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American Cities: The Next Chapter

October 2012
October 2012

Reinventing the urban realm for the 21st century.

By Cathleen McGuigan, Editor in Chief

Detroit was the first real city I knew. I grew up less than an hour's drive away, and am old enough to remember when downtown Detroit had beautiful stores and restaurants, and where my parents might take me to shop for school clothes, followed by a fancy lunch. Later in the 1960s, I remember the news of cities burning and the term "white flight" — the race-based exodus that sealed the steady decline of industrial urban America.

Cathleen McGuigan, Editor in Chief
Photo © Michel Arnaud
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But for some years now, the country has been turning away from the suburban nation it became in the second half of the 20th century. New census data released in June showed that for the first time in 90 years, urban population growth outpaced suburban growth. Housing prices in some major cities are beginning to pick up — even in Detroit. "The change in living patterns could in part reflect evolving preferences for cities over the space and privacy of suburbs," suggested a story in the Wall Street Journal. A recent study of 10 top international cities conducted by Urban Affairs Review found a link between urban living and happiness: People like easy access to public transportation, shops, arts and sports facilities — and they like social connectedness.

Urban neighborhoods across the U.S. continue to gentrify and revitalize, often in small but significant ways, by building pocket parks, adding bike lanes, establishing farmers' markets — creating a kind of hipster chic, where any entrepreneur with a bucket of bright paint, planters bursting with flowers, and a few café tables can turn a gritty streetfront into an urban oasis. The U.S. pavilion at the current Venice Architecture Biennale, which earned a special jury mention, is showcasing 124 temporary or ad hoc civic projects — from the prototype day-labor station by Public Architecture in San Francisco to Fresh Moves, a mobile grocery in Chicago — that reflect the diverse passions and concerns of designers and citizens for contemporary urban life.

This era may well become known as the Century of the City, if we can only figure out how to build on what we have.

In this issue of RECORD, we explore the ongoing transformation of three American cities through architecture, urban design, and planning. Mayors and municipal governments have been leading the nation in policies that promote sustainability and quality of life, often partnering with local corporations, foundations, and institutions.

Oklahoma City is thriving, in part thanks to the oil and natural-gas business, and the energy companies have come forward to help promote good architecture —check out the Devon Energy Center by Pickard Chilton — and an urban realm enhanced for pedestrians and the public at large. The aging Rust Belt cities of Cleveland and Pittsburgh face more daunting challenges. But Pittsburgh, as its economy begins to rebound, is emerging as one of our greenest cities, with sustainable initiatives in landscape and architecture, including the construction of PNC Bank's new headquarters by Gensler, which will be the tallest naturally ventilated office tower in the U.S. Like Pittsburgh, Cleveland has a legacy of great institutions in health care, education, and culture that are key to current planning and architecture, in such projects as Uptown, an urbane new mixed-use development designed by Stanley Saitowitz/Natoma Architects on land owned by Case Western Reserve. With inexpensive rents and enough of a cool factor — a music scene, art galleries, microbreweries —Pittsburgh and Cleveland are attracting high-tech companies and young people, who demand and perpetuate a cosmopolitan way of life.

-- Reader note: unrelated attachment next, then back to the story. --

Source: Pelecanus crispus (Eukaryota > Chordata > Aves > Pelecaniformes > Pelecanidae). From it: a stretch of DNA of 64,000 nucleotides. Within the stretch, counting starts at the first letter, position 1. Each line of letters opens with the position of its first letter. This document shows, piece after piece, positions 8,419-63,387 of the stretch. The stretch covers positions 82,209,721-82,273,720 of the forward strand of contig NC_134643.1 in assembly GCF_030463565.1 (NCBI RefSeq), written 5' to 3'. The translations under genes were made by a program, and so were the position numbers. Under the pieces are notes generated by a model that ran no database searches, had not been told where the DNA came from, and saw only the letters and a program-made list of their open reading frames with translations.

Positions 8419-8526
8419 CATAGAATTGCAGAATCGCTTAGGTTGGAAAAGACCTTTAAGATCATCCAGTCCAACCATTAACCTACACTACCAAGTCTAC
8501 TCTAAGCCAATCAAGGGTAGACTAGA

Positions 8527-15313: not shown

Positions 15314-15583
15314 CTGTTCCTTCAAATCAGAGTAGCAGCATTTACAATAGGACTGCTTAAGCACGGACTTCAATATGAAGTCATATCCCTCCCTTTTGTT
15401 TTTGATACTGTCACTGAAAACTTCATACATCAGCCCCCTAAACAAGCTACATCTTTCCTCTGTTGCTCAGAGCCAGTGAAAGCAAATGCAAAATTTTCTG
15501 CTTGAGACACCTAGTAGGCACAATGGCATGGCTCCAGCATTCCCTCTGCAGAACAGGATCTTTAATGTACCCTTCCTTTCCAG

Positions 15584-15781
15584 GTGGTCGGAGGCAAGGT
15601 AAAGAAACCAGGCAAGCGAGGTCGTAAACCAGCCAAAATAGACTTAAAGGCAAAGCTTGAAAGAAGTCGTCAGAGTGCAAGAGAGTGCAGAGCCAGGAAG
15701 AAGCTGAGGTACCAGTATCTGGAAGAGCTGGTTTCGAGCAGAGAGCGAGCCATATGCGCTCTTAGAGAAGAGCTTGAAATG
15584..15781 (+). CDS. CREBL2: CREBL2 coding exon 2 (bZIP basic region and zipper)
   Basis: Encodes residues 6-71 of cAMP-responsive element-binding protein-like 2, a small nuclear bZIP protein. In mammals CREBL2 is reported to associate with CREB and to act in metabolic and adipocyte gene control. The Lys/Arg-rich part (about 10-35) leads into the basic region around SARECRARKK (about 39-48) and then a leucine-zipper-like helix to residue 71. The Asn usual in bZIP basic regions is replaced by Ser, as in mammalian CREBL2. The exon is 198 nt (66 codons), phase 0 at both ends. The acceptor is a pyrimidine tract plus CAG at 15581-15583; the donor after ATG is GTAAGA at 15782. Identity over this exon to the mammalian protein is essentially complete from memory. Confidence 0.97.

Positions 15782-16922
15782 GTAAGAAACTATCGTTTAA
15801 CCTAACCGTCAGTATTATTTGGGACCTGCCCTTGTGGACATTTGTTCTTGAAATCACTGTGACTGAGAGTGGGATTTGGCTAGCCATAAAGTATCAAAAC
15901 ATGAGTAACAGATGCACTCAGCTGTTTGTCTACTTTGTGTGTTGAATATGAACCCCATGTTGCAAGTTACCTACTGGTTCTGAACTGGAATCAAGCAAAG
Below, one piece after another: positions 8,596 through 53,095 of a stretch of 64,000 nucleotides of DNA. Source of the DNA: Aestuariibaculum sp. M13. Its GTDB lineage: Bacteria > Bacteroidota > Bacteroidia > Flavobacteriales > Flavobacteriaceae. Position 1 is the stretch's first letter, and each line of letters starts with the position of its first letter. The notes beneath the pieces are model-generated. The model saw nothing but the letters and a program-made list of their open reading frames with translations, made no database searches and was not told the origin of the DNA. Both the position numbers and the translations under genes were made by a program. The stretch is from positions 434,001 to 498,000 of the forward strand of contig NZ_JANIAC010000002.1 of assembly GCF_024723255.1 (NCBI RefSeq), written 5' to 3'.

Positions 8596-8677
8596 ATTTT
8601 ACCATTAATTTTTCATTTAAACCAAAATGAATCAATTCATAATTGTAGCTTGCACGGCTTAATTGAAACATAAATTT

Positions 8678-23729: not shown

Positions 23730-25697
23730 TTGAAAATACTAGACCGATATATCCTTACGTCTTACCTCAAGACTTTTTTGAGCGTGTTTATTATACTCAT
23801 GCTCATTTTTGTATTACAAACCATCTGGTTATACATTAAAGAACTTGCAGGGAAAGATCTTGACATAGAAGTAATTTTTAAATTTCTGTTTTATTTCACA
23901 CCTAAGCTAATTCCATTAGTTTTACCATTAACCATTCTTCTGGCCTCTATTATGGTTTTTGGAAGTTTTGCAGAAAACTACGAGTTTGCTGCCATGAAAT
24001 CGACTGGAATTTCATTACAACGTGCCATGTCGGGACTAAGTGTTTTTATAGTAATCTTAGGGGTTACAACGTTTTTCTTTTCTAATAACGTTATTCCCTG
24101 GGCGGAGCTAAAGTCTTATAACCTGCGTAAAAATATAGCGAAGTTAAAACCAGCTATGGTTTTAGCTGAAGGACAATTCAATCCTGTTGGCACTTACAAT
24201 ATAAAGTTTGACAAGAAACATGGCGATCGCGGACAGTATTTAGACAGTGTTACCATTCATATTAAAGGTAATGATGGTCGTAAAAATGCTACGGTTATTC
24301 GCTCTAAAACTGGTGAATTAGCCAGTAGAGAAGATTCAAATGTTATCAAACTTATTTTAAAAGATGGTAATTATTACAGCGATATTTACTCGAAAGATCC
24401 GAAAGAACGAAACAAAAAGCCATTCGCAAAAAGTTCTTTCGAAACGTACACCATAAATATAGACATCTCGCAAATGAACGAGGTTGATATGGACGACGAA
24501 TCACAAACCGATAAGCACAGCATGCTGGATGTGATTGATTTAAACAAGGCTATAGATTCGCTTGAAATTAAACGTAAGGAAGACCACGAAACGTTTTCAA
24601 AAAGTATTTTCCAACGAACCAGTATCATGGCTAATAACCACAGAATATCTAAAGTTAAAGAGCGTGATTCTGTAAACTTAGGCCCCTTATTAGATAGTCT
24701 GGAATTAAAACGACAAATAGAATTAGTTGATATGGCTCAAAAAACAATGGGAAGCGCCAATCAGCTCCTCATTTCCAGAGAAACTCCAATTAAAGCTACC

But no one is thinking these cities will be restored to the boomtowns they once were. Cleveland's population continues to shrink — from a high of nearly 1 million in the 1950s to around 400,000 today — and like a mini-Detroit, huge swaths of the metropolis are almost empty, sprawling silently between more vibrant neighborhood hubs. And let's not forget that such aging cities are full of people who aren't sampling boutique beer or checking out the latest iPhone app: They are poor and disenfranchised.

Some ideas of how to tackle urban problems may emerge, ironically, from Detroit itself. At the end of this month, the planning report from the Detroit Works Project will be released, after years of research, with input from a wide range of community stakeholders. In the short run, the report will recommend urgent steps to respond to the needs of its citizens — but over the long term it is likely to suggest the evolution of a new kind of city, with an urban fabric that is intermittently dense and porous and an infrastructure that is flexible and sustainable. The next chapter for American cities should build on our strongest institutions and historical structures while bringing innovative ideas and design tools to create an urban form of new possibilities.

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